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Aucklander Leads NZDF Force to Counter Piracy and Trafficking in the  Middle East

Wing Commander Daniel Hunt, an Aucklander who joined the Air Force to fulfil a childhood dream to fly and go places, will lead the New Zealand Defence Force’s maritime security operations in the Middle East.

8 February 2017

An Aucklander who joined the Air Force to fulfil a childhood dream to fly and go places will be leading the New Zealand Defence Force’s (NZDF) operations in the
Middle East to counter piracy and people and drug smuggling.

Wing Commander Daniel Hunt said the 55-member contingent he was leading aimed “to represent New Zealand in a positive light and provide a meaningful contribution to security in the Middle East”.

“We were valued because of our high mission success rate in 2015 and the unique capabilities of our Orion surveillance aircraft, so we will be striving to achieve that again,” Wing Commander Hunt said.

The NZDF is sending an Air Force P-3K2 Orion surveillance aircraft and a supporting detachment to the Middle East this week to work as part of the Combined Maritime Forces (CMF) over the next 12 months. The CMF is a 31-nation naval partnership that seeks to defeat terrorism and prevent piracy and people and drug trafficking.

The last NZDF Orion mission to support the CMF conducted 174 maritime surveillance flights involving about 1400 flying hours over 16 months to December 2015. It also helped the CMF locate and intercept vessels attempting to smuggle drugs worth nearly NZ$500 million.

Wing Commander Hunt said the contingent was “upbeat and busy” while preparing for their deployment, which would involve helping patrol 3.2 million square miles of international water around the Arabian Sea and the Indian Ocean.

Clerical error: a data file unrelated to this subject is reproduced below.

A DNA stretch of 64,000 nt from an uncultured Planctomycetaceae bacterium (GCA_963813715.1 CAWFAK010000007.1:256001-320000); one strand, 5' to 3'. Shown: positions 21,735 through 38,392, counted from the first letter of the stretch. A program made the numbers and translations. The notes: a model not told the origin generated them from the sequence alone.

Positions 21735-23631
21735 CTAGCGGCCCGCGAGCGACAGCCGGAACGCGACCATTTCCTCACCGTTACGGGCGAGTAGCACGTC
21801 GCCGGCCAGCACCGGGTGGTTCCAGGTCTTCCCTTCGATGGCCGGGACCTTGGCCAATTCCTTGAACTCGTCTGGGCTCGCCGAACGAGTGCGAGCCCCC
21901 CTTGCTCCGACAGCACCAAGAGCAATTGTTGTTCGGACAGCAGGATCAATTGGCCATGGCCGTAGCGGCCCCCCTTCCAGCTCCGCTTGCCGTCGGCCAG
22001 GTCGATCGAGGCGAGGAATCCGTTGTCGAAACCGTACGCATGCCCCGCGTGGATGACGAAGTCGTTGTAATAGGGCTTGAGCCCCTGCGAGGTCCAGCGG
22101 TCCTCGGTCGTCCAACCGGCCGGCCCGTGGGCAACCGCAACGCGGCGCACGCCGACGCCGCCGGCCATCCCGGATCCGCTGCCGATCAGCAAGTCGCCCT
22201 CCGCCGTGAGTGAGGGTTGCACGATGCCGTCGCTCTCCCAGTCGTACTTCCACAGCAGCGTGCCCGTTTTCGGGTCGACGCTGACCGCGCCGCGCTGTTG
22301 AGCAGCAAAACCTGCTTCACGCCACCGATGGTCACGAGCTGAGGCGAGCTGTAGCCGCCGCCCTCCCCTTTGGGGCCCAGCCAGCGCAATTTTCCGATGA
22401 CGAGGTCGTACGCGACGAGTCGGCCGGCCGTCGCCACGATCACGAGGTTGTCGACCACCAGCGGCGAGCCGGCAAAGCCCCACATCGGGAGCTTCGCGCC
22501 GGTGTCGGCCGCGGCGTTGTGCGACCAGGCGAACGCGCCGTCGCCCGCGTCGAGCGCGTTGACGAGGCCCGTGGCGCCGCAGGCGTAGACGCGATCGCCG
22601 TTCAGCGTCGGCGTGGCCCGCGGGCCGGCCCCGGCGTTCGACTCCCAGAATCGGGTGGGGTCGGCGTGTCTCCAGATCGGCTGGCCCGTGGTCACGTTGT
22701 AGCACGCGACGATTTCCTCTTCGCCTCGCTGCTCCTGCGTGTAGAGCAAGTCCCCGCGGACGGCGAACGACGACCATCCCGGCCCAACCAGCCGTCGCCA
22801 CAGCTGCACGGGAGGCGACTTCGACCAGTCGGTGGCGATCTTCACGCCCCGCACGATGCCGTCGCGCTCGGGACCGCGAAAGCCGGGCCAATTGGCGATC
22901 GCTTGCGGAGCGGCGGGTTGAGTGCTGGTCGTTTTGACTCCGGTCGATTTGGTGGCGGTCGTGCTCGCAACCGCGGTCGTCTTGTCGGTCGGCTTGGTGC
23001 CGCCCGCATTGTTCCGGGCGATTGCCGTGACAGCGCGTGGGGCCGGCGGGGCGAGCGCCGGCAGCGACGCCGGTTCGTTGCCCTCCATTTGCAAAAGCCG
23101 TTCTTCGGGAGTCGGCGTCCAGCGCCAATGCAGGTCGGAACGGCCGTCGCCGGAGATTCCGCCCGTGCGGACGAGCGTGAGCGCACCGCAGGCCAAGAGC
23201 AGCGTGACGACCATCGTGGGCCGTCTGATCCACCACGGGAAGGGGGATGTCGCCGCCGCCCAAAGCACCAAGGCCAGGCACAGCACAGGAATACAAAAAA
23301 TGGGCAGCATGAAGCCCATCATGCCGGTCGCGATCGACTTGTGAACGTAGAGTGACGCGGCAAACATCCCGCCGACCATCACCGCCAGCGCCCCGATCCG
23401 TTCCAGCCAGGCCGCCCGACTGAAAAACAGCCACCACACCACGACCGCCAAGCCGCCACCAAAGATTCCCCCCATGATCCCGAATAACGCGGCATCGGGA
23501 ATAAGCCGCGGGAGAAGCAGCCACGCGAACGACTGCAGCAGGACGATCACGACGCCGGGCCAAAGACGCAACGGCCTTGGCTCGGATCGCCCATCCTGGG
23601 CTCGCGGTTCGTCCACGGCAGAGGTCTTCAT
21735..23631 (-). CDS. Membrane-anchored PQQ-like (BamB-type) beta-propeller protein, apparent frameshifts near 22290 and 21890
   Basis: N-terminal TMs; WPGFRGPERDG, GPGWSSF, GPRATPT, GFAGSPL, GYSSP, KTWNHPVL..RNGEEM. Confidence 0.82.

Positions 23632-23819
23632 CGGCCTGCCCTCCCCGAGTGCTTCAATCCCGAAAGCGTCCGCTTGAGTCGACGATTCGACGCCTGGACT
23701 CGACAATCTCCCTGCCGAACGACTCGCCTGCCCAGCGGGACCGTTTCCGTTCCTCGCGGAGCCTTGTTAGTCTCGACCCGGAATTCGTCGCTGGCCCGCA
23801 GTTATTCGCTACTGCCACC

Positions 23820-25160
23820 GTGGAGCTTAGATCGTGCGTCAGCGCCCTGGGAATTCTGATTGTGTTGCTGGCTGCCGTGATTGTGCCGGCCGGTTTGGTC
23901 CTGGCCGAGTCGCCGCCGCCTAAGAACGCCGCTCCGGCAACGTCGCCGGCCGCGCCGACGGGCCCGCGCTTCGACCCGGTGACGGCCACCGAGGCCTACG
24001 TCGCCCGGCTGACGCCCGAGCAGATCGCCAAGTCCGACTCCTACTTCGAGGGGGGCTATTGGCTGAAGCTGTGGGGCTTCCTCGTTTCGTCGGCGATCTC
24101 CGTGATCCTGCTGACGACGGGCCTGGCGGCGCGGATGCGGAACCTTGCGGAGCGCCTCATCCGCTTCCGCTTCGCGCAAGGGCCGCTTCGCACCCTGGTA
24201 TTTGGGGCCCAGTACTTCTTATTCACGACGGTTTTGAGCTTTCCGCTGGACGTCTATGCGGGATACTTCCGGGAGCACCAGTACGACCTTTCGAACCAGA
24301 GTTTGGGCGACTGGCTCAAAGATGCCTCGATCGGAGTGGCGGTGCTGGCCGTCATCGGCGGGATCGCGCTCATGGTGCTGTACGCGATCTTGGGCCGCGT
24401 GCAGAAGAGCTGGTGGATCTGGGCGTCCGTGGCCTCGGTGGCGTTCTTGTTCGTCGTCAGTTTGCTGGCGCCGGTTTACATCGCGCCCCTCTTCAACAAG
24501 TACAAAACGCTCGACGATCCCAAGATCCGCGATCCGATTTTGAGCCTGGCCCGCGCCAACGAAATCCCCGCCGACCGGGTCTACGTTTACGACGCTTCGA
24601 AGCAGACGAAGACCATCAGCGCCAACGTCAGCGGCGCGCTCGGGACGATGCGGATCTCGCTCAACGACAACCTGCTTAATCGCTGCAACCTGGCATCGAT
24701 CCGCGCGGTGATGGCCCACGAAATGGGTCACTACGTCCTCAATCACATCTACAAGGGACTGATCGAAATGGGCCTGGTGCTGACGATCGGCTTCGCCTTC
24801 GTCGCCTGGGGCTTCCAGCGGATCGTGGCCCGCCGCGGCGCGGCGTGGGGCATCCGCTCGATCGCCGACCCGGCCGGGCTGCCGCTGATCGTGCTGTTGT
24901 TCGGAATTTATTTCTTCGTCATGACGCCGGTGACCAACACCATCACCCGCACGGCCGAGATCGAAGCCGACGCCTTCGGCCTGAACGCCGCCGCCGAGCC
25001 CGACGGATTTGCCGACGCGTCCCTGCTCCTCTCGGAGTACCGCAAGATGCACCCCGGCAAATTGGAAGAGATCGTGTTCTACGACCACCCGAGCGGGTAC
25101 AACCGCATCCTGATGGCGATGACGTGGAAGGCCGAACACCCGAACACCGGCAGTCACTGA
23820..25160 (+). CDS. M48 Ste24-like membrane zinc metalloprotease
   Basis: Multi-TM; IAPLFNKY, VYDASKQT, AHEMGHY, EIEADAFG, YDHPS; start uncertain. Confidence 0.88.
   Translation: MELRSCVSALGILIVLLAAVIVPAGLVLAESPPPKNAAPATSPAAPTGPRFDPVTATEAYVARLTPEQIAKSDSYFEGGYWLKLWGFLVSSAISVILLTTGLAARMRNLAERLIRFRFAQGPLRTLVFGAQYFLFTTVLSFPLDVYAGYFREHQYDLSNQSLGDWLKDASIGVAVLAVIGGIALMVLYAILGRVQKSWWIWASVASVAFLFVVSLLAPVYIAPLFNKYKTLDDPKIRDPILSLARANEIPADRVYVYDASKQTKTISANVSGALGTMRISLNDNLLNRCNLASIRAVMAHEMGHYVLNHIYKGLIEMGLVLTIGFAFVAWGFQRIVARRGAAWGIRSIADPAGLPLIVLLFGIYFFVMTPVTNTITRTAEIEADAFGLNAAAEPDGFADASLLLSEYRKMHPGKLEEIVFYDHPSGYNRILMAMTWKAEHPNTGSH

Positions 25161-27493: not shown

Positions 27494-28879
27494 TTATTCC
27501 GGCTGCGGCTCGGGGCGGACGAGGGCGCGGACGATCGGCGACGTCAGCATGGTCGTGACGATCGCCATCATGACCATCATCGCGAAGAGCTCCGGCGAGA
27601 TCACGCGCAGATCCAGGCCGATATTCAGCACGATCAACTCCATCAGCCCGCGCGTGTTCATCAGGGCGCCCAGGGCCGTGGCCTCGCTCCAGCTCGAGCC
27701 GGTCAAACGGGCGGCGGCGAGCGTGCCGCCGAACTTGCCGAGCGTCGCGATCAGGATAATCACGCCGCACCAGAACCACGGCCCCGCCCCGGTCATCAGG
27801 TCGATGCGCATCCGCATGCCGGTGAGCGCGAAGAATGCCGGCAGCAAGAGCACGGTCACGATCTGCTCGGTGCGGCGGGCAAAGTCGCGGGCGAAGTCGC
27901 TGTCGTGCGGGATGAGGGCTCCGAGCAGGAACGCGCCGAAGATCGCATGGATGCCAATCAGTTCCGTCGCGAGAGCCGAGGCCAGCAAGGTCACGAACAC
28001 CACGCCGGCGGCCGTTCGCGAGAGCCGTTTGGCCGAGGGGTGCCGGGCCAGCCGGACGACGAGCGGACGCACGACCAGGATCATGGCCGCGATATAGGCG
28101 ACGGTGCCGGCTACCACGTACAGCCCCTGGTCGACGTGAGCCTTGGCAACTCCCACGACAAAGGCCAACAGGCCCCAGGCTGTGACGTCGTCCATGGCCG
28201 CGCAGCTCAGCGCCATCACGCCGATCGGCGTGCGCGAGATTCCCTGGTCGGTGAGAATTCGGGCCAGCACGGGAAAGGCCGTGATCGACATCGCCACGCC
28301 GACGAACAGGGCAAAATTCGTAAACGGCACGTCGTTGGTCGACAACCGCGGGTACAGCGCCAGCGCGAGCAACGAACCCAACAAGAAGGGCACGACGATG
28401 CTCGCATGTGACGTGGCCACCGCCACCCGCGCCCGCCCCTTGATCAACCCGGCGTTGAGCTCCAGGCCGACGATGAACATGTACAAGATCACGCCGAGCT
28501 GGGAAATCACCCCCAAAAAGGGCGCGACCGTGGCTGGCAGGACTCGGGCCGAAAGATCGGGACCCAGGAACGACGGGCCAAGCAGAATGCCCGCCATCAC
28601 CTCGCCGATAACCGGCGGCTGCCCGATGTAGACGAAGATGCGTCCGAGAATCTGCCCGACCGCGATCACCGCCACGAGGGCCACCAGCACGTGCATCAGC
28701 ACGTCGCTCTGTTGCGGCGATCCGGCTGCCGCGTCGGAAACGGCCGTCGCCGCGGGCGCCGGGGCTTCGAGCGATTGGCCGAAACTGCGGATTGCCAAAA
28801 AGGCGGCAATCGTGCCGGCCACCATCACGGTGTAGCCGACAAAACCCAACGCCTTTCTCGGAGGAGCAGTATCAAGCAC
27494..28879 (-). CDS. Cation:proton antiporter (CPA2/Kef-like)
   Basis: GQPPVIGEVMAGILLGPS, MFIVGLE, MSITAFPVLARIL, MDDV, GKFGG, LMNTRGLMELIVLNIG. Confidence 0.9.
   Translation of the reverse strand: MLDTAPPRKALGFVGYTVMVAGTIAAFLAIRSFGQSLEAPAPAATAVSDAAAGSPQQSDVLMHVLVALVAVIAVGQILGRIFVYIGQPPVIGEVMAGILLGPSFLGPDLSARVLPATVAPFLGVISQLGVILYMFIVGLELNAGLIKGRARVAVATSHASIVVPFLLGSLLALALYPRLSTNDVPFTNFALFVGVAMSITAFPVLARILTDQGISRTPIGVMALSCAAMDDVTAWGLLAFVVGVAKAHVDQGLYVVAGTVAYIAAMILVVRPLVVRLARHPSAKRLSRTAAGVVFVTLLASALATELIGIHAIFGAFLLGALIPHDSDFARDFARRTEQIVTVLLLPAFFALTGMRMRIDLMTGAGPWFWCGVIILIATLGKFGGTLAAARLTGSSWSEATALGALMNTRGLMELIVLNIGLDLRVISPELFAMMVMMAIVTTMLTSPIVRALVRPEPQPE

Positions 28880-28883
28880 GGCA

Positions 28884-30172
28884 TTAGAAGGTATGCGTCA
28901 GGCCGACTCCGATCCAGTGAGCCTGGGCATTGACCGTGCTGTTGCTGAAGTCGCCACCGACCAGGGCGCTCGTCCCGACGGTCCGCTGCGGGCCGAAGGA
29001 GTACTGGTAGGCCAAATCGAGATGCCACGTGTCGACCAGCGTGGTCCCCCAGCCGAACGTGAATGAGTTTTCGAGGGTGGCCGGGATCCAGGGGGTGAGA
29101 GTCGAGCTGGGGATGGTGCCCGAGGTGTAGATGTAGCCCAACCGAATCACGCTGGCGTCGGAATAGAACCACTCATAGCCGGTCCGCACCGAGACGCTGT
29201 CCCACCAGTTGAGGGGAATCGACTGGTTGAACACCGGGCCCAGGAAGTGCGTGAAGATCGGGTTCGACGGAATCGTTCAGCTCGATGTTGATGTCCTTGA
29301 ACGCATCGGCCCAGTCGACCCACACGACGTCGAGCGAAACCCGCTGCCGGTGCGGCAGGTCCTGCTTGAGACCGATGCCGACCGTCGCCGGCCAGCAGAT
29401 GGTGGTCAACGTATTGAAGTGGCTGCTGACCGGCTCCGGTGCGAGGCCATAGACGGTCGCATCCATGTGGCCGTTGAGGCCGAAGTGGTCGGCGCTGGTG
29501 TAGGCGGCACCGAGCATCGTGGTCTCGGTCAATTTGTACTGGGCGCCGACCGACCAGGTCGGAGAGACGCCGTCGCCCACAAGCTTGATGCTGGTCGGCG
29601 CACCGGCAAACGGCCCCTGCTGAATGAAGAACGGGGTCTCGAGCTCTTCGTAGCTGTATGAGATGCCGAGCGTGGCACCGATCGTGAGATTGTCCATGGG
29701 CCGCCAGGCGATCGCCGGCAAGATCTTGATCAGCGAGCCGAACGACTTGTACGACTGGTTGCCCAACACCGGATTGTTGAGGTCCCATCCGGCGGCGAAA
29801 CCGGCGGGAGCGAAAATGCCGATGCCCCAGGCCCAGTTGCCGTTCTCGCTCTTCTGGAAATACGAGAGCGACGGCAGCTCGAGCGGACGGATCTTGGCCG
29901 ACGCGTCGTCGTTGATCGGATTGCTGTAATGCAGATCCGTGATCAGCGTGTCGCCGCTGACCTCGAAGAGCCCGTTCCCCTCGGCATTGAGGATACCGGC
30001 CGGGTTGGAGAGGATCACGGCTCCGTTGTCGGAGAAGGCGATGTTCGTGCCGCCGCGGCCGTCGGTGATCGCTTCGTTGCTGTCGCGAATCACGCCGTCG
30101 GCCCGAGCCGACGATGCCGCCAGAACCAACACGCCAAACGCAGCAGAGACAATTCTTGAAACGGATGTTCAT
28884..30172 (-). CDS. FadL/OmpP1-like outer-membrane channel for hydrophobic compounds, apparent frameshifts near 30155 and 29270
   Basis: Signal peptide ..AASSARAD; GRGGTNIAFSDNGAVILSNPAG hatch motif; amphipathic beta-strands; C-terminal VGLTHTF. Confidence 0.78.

“Working with other navies and air forces is always a bonus. It allows you to benchmark your performance and provides opportunities to learn from each other. Invariably we measure up pretty well and my expectation is that it will be no different this time,” he said.

“The challenges will probably come from operating in a hot and dry environment. Temperature is less of an issue when you are airborne but before and after the flights the heat poses challenges to those working in and around the aircraft.”

Wing Commander Hunt, the Commanding Officer of the Air Force’s No.5 Squadron until early this year, is an experienced hand who has done three tours in the Middle East. He has also been deployed to Southeast Asia, South Pacific, Europe and the Caribbean.

A former student of Waiuku College, Wing Commander graduated at the top of his class when he joined the Air Force as a navigator in 1995. He trained at the Royal Australian Air Force School of Air Navigation and the United States National Test Pilot School. He completed a bachelor’s degree in education at Massey University and a diploma in teaching from Auckland University before enlisting in the Air Force.

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